Facebook Account Details For Sale By Hacker or Not?

VeriSign iDefense Says Yes, Facebook Says It's All Bogus

2 min read
Facebook Account Details For Sale By Hacker or Not?

A couple of days ago, major news outlets like the BBC and ABC News Australiareported that a Russian computer hacker is offering for sale stolen passwords and login details of 1.5 million Facebook users. The asking price is for $25 to $45 for batches of 1,000.

At the time, Facebook said it was investigating the matter so that it could "block access to any that might be compromised and restore them to their rightful owners."

Well, a story in today's New York Times provides a bit more information on the situation. The Times reports that researchers at VeriSign’s iDefense division have been the ones tracking the sale of both legitimate and bogus stolen Facebook account information and I guess feeding that information to the press. iDefense claims that the reason for the price differential is that the $25 price is for a batch of Facebook accounts each with 10 or less friends, while $45 buys a batch of accounts each having more than 10 friends.

However, Facebook is now disputing iDefense's claims of legitimate Facebook account information being offered for sale, the Times reports. Facebook says that it has tried to purchase supposedly stolen account information as part of its investigation and has come up empty. It believes that the whole thing is basically bogus and nothing more than a scam.

iDefense said that it did not try to purchase any of the supposedly stolen Facebook information because it is against its corporate policy, the Times says. However, iDefense apparently has not responded directly to Facebook's charge that it is passing along hearsay rather than verified facts - there is nothing about the dispute on iDefense's website at least at the time of this posting.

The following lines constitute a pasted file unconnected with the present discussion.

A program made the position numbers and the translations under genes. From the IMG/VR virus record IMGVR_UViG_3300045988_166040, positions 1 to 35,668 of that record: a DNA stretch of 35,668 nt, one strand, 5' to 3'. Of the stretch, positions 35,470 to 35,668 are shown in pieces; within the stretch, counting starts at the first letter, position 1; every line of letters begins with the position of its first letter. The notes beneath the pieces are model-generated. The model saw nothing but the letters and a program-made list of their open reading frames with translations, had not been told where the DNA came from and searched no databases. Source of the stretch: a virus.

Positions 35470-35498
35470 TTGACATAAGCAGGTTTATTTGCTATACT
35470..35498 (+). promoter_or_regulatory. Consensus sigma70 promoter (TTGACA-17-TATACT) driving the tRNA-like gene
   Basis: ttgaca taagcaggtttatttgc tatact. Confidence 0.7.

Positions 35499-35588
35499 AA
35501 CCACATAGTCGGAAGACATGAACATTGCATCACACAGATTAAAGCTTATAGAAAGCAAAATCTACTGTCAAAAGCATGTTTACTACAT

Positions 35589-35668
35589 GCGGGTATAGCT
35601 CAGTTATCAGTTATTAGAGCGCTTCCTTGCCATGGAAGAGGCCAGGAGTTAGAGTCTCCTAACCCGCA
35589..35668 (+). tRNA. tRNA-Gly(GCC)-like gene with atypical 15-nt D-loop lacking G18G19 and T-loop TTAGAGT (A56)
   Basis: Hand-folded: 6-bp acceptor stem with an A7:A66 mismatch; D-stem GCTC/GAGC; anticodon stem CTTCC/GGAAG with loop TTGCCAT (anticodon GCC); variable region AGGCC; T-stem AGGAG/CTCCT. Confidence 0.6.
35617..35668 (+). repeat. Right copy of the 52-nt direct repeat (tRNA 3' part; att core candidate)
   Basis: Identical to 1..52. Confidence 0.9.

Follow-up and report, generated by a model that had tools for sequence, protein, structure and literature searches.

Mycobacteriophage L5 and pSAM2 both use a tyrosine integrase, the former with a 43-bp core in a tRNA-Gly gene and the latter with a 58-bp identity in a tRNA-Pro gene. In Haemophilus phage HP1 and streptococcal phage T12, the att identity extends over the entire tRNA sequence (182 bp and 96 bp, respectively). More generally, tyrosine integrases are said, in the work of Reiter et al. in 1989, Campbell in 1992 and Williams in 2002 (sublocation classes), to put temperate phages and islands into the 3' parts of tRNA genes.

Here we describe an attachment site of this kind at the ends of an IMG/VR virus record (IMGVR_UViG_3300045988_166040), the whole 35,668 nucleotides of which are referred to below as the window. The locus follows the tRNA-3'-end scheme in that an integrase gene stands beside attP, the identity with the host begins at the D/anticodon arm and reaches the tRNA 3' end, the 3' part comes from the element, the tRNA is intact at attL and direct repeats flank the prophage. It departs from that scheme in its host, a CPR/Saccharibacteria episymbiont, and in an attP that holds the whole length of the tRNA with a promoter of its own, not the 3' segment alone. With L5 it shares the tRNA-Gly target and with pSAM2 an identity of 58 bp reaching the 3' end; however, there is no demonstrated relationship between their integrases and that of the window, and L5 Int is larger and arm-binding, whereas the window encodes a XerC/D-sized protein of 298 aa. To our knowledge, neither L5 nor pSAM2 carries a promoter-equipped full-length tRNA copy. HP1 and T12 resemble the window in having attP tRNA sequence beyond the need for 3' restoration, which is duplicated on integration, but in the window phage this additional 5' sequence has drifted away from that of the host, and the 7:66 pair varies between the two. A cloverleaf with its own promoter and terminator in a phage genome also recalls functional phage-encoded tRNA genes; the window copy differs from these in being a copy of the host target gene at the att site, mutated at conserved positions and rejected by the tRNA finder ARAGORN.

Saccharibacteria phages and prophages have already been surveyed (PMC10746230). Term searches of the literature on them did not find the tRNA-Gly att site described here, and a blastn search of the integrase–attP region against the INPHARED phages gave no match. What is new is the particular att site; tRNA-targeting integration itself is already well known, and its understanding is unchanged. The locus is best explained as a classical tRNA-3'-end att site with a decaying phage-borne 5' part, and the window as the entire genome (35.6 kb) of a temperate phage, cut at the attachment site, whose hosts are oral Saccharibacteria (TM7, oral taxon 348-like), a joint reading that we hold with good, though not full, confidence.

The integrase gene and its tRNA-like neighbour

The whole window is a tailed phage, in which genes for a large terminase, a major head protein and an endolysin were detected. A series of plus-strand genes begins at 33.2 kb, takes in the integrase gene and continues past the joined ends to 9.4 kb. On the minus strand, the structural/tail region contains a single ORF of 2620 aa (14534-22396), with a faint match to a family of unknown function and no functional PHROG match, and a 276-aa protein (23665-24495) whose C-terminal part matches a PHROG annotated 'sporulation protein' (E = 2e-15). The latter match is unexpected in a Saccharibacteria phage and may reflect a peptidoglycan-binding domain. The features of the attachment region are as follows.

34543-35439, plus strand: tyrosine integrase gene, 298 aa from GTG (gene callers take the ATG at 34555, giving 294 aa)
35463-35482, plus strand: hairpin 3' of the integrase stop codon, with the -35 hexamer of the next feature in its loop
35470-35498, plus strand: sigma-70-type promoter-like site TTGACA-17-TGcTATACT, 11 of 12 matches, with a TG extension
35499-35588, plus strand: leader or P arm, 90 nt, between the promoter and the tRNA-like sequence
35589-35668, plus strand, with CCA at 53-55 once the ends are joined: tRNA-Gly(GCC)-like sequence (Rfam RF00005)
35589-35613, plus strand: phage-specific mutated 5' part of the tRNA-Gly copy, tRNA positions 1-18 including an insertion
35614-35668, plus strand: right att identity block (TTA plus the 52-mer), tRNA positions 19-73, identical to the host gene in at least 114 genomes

So, are there 1.5 million stolen but legitimate Facebook accounts really up for sale on the Internet?

Stay tuned.

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Metamaterials Could Solve One of 6G’s Big Problems

There’s plenty of bandwidth available if we use reconfigurable intelligent surfaces

12 min read
An illustration depicting cellphone users at street level in a city, with wireless signals reaching them via reflecting surfaces.

Ground level in a typical urban canyon, shielded by tall buildings, will be inaccessible to some 6G frequencies. Deft placement of reconfigurable intelligent surfaces [yellow] will enable the signals to pervade these areas.

Chris Philpot

For all the tumultuous revolution in wireless technology over the past several decades, there have been a couple of constants. One is the overcrowding of radio bands, and the other is the move to escape that congestion by exploiting higher and higher frequencies. And today, as engineers roll out 5G and plan for 6G wireless, they find themselves at a crossroads: After years of designing superefficient transmitters and receivers, and of compensating for the signal losses at the end points of a radio channel, they’re beginning to realize that they are approaching the practical limits of transmitter and receiver efficiency. From now on, to get high performance as we go to higher frequencies, we will need to engineer the wireless channel itself. But how can we possibly engineer and control a wireless environment, which is determined by a host of factors, many of them random and therefore unpredictable?

Perhaps the most promising solution, right now, is to use reconfigurable intelligent surfaces. These are planar structures typically ranging in size from about 100 square centimeters to about 5 square meters or more, depending on the frequency and other factors. These surfaces use advanced substances called metamaterials to reflect and refract electromagnetic waves. Thin two-dimensional metamaterials, known as metasurfaces, can be designed to sense the local electromagnetic environment and tune the wave’s key properties, such as its amplitude, phase, and polarization, as the wave is reflected or refracted by the surface. So as the waves fall on such a surface, it can alter the incident waves’ direction so as to strengthen the channel. In fact, these metasurfaces can be programmed to make these changes dynamically, reconfiguring the signal in real time in response to changes in the wireless channel. Think of reconfigurable intelligent surfaces as the next evolution of the repeater concept.

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